Michelangelo’s Pietà, depicting Mary and Christ after His crucifixion, was commissioned by a cardinal who specified that the sculpture should be “the most beautiful work of marble in Rome, one that no living artist could better.” It was completed in 1499, and two centuries later was moved to St. Peter’s Basilica, where it has resided since. With one exception.
In 1962, Pope John XXIII agreed to a request from Francis Cardinal Spellman, Archbishop of New York, and granted permission to transport the Pietà to the New York World’s Fair in 1964-65. Negotiations, planning and preparations for the journey consumed much of that two-year period. VISIT Curatorial Arts Magazines has articles on that process, here and here.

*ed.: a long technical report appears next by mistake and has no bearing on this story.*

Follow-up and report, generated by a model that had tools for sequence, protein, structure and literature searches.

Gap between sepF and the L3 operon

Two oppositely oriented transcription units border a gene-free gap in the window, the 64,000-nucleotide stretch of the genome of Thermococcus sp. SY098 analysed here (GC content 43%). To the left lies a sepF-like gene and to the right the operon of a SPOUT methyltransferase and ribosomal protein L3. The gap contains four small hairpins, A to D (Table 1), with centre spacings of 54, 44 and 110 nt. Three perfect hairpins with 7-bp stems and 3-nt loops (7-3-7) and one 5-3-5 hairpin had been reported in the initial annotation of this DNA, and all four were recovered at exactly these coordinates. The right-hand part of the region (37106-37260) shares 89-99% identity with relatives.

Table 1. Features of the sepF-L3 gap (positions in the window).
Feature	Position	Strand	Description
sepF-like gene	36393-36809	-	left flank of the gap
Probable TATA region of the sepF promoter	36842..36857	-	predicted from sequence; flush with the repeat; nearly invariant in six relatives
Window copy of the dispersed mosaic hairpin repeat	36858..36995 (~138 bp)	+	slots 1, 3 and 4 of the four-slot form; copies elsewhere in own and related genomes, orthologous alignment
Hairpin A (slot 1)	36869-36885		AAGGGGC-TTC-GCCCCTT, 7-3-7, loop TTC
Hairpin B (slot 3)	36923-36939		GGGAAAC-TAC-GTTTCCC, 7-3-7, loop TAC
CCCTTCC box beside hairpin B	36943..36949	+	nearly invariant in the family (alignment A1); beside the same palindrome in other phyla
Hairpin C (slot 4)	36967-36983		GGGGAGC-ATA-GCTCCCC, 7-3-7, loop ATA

Security measures included ensuring that the statue’s crate would float in the event of a disaster at sea, but nothing was left to chance. The Vatican Superintendence of The Arts invited a few leading Italian studios to take impressions off of the original, so that it could be replicated just in case. Our partner Art Studio Demetz was among them, and to this day Demetz can make replicas of the Pietà from those impressions taken in the ’60s. These are the most exact replicas possible.